April 05, 2012


Laundry Day. By Maurie J. Manning. Clarion. $16.99.

The Little House. By Virginia Lee Burton. Houghton Mifflin. $16.99.

The Town Mouse and the Country Mouse. By Paul Galdone. Houghton Mifflin Harcourt. $8.99.

     A tale of big-city tenements told with surpassing innovation and in celebration of the now-old-fashioned notion of the American “melting pot,” Maurie J. Manning’s Laundry Day is the deceptively simple story of a young boy who finds a red cloth when he heads out of his apartment into the crowded streets to try to make a little money by shining shoes. Manning sets the time in the early 20th century by showing horse-drawn vehicles and period clothing, and makes the boy’s poverty evident through his repeated unsuccessful attempts to find someone’s shoes to shine. But instead of dwelling on problems, this boy looks up from the curb in wonder – in a beautifully drawn scene showing how the buildings and clotheslines appear from below – when a long piece of red cloth flutters down onto him. Putting his supplies behind some boxes for safekeeping, the boy takes the fallen fabric and starts climbing up from the street to the apartments in the closest building, trying to find the cloth’s owner and encountering someone of different ethnicity each time he rises higher. He helps a Chinese woman fold laundry, but the cloth is not hers; he shimmies across a clothesline to ask a prospector who is reading about the Klondike if he lost the cloth, and helps retrieve the man’s hat when it blows off, but again, no luck; the cloth does not belong to the Ukrainian family with the new baby, the Italian organ grinder, the four Polish girls – it doesn’t seem to be anyone’s. Manning does a wonderful job portraying the different households and showing the shoeshine boy interacting with kids and adults alike as he climbs, higher, ever higher, eventually connecting with a Jamaican lady who claims the cloth – it is her headscarf – and brings a little magic into the boy’s life after he shimmies down the drainpipe to get back to the street. Laundry Day is an entrancing book and a very unusual one, with a clear sense of time and place, of hustle and bustle, of the immigrant experience, and of the sheer joy of a journey through multiple cultures.

     A city tale of a different sort, The Little House is now 70 years old and as sweet a fable as ever. Virginia Lee Burton (1909-1968) based the book, which won a Caldecott Medal, on her own house; the new, 70th-anniversary edition includes a CD with two readings by Lorraine Lee Hammond (one with page-turn signals, one without, both with music composed by Hammond), plus an introduction by Burton’s son, sculptor Aristides Burton Demetrios. The ancillary material is fine, and often informative – for instance, Demetrios points out the way Burton kept the house in the same place on each page for almost the whole book, having things happen around it while maintaining its centrality. Still, it is the original words and pictures that Burton created that are the main attraction here. The story goes back even further into the past than does Laundry Day, to a time when the house was out in the country, happily watching the seasons change – a time when the city was distant, a time well before the “horseless carriage.” Burton imagines how a country house might have felt, if it could feel, as the city began to encroach on it, as roads were built, housing developments sprang up, and “everyone and everything moved much faster now than before.” And then “no one wanted to live in her and take care of her any more,” Burton writes, with the personalization that is a hallmark of the book; and after many years, the Little House is actually surrounded by the much-expanded city, where “everyone seemed to be very busy and everyone seemed to be in a hurry,” until eventually “her paint was cracked and dirty” and “she looked shabby” amid skyscrapers, cars, buses, elevated trains and lots and lots of people. But there is a happy ending in store for the Little House, and the final line of the book, “all was quiet and peaceful in the country,” brings this “once upon a time” story full circle in a blend of nostalgia and wistfulness that is as lovely today as when the book was first published in 1942.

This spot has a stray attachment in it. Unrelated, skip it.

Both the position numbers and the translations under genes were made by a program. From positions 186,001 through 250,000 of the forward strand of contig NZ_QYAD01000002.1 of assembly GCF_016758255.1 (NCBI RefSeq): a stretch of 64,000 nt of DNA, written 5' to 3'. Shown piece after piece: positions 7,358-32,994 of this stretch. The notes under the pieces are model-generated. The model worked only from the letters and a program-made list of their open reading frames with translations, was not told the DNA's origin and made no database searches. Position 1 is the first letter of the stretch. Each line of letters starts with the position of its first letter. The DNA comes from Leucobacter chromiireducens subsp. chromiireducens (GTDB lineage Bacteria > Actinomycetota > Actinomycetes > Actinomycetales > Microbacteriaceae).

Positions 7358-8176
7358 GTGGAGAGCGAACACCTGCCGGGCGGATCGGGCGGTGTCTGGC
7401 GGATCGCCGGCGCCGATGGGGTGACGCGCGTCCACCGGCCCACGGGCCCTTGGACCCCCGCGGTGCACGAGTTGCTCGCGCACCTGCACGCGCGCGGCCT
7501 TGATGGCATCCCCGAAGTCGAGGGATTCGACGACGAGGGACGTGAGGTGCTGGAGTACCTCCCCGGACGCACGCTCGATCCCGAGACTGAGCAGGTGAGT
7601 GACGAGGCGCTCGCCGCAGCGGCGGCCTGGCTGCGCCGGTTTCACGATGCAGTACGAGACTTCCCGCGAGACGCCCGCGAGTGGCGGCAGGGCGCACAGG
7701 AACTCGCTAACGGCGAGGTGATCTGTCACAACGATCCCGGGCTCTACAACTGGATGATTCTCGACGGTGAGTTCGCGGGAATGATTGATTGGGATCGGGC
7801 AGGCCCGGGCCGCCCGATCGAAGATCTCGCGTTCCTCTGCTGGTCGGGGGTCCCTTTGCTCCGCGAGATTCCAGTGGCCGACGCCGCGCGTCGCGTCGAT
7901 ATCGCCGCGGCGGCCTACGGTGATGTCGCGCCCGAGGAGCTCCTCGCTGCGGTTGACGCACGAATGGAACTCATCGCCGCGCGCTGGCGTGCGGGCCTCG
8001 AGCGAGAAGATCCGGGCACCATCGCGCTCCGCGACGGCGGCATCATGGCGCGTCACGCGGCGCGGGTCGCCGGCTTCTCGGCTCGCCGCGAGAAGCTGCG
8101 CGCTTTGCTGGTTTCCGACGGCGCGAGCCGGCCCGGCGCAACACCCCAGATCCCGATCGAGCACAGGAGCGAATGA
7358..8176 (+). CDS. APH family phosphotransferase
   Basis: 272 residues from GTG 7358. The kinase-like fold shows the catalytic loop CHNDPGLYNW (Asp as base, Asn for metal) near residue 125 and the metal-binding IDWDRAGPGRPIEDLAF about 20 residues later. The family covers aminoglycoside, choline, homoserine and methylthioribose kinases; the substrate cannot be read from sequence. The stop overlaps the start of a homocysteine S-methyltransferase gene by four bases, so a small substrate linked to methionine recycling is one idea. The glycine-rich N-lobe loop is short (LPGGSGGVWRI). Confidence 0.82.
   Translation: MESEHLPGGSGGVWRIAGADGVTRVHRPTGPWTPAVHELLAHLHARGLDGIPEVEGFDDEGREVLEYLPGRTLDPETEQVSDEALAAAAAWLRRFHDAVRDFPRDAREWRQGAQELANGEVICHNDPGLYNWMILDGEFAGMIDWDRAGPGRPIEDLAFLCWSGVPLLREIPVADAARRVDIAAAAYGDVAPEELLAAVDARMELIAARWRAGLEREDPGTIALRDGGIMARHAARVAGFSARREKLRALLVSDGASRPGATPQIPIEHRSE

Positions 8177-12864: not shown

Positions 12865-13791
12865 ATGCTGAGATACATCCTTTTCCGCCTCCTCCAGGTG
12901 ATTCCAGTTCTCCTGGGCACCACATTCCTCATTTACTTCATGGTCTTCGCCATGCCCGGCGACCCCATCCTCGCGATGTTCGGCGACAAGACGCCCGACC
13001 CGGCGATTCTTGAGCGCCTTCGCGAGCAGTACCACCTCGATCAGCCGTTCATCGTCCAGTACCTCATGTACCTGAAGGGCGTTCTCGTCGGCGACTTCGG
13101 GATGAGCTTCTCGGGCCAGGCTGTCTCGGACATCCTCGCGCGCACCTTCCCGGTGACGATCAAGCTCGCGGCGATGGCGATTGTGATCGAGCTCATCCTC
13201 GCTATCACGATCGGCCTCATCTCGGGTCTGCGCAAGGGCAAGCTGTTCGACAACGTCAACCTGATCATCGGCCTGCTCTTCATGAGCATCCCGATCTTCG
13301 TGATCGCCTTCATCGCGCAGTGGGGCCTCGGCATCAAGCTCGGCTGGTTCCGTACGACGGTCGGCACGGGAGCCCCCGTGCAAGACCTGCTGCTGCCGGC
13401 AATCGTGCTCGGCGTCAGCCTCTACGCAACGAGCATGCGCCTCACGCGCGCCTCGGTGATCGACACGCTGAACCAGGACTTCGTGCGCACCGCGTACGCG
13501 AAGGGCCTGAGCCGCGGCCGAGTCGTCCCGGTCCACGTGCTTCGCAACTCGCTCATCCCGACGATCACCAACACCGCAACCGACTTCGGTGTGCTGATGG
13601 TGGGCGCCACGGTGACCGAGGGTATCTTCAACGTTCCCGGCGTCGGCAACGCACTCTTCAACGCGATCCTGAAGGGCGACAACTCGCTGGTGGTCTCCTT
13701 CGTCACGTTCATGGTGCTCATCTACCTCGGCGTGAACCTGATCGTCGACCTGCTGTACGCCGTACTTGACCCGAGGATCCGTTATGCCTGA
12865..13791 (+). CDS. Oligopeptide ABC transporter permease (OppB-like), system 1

The Town Mouse and the Country Mouse is an even older tale, based on one of Aesop’s fables and reimagined by Paul Galdone in a book originally published in 1971. The attractive new edition gives today’s children a chance to see Galdone’s colorful illustrations and to follow his version of the story, in which the elegantly dressed town mouse refers to the country mouse’s home as a “dismal place” and the food as “rustic fare,” luring his old friend to town – and to court – with tales of “dancing and feasting and all kinds of merriment.” So the humble country mouse – dressed like a friar, in a plain brown robe tied with rope – heads to town with his friend, and indeed encounters a table where “there were creams and jellies and sweetmeats,” fine cheese and delicious champagne. But there are also threats, with which the town mouse is quite familiar but the country mouse is not: Galdone’s drawings of the open-mouthed, large-fanged cat and the scowling servants (seen from mouse height) clearly communicate the country mouse’s terror. The country mouse realizes, in a typical Aesopian moral, “‘What good is elegance without ease, or plenty with an aching heart?’” And so he heads home to “the peace and quiet of his cottage,” the same peace and quiet that Burton’s Little House finds at the end of that book. Cities do have their pleasures, but for the Little House and the country mouse, they are not worth the tradeoffs – although certainly Laundry Day shows the humane side of city life (old-fashioned city life, to be sure) to very good effect.

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